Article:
1.   Position history

The maximum leverage of a position is going to depend on the type of underlying strategy, so that we must base ourselves on that history to fix it. Mathematically, the most sensible way is that the selected history to define the VaR of the DARWIN coincides with that selected to determine the VaR of the strategy, so that the adjustment must be connected with the  VaR calculated before  the strategy that you want to control is opened.

  1.   Room for improvement in our closing algorithm

The fact that we actually were fulfilling the risk objective in the DARWINS, does not signify that we are optimally closing all of the positions in all of the DARWINS. This point was one that we didn’t notice when we initially designed our model.

Initially, we assumed that the fact that we were getting an objective VaR in the 20% DARWINS was because the adjustments that we were using at the end were correct. Time has shown us that, unfortunately, this assertion isn’t certain , and because of that, we have given it a “facelift” to optimize our criteria of closing positions.

If we deviate from our historical sample of “position duration” vs “leverage” of a strategy, and group them in unlimited ranges for those instances where their performance has been predetermined by the risk manager, we can obtain for each duration range the medium and dispersion of it’s leverage. We have attached a graphical explanation.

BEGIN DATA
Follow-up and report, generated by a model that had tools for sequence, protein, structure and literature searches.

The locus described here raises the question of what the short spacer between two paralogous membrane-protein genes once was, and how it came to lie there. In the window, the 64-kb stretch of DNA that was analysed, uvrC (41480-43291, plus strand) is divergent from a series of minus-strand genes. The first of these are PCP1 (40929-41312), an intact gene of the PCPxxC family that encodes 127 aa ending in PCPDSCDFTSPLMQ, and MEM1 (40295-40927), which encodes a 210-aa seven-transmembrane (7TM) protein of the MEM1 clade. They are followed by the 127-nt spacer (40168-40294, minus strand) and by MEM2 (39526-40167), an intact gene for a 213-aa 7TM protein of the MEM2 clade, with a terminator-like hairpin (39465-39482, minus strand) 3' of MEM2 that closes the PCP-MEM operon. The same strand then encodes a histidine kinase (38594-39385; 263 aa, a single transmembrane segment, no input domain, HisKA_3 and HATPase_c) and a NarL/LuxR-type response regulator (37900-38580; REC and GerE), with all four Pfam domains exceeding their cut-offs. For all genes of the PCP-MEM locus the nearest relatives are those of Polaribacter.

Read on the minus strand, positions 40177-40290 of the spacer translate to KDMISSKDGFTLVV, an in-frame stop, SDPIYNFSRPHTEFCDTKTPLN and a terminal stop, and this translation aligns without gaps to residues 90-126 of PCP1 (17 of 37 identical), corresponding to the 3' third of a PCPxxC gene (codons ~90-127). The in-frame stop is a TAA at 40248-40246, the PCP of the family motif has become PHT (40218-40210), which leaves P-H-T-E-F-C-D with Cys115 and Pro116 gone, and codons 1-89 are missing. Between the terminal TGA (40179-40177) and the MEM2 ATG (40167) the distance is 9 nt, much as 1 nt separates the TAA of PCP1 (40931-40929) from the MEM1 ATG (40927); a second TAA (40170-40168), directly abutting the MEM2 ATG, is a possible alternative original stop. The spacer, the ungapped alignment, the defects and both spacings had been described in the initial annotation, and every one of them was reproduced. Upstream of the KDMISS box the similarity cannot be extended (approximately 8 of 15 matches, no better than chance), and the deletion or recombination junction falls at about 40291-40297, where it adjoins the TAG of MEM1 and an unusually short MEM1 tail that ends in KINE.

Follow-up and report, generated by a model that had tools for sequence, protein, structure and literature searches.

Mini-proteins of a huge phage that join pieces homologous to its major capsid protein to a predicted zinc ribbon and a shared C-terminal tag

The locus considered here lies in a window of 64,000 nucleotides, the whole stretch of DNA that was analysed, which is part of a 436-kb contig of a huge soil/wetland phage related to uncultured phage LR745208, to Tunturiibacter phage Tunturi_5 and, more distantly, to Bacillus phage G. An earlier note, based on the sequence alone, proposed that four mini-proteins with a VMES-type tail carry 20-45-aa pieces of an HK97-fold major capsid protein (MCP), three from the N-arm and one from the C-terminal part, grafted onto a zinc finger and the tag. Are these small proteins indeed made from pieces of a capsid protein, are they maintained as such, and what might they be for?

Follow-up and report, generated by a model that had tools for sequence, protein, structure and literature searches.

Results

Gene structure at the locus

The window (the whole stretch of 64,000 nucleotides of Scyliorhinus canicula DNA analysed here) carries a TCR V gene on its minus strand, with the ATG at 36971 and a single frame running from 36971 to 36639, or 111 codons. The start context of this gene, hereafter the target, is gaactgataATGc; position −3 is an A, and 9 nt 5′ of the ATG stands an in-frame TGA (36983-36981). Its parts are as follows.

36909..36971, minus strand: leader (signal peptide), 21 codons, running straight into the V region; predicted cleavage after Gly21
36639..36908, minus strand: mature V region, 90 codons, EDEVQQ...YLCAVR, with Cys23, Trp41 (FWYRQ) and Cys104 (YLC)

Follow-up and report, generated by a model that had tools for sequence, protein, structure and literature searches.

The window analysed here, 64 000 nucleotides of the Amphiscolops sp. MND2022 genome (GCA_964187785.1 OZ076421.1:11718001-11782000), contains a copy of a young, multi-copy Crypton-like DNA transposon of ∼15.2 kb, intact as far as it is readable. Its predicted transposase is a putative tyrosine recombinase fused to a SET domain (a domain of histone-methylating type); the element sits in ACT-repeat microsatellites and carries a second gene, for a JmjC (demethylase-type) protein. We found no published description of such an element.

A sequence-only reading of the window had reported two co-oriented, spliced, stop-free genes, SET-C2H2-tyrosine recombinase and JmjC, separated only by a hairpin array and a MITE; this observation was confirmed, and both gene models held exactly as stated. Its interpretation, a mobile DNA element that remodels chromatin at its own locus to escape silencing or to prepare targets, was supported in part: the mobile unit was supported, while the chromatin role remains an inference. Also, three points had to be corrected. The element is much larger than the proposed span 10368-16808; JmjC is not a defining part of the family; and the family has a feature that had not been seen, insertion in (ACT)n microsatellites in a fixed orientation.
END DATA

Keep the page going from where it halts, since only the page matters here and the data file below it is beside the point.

There is a maximum permitted leverage for the risk manager in terms of the “number of dispersal times” that has been taken into account in ALL the resultant  DARWINS, the monthly profitability distribution works in that only 5% lost more than 20% (in the future we will work with a VaR of 10%).

In the previous example, in a timeframe of 4 to 8 hours, the maximum permitted value is 17.07 so that  at 4 hours the risk manager would close whatever position whose leverage was higher than that at that time (red dots in the picture).

Essentially , thus we have fixed the closing criteria (as we have mentioned before, this solution is only one of thousands of possible options).

What can we improve?

Our initial solution is valid for our universe of aggregated DARWINS, but not for each one of the individual DARWINs. Over time we have seen that you cannot fix a value dependant on the dispersion of whichever type of operation, and the same for every one of the performance bars in the risk manager

This procedure systematically works against those operations that have a lot of positions in a month and all types of durations, closing positions excessively when in reality, the actual risk had not gone above the VaR of the strategy.

In the following example, we can see the problem: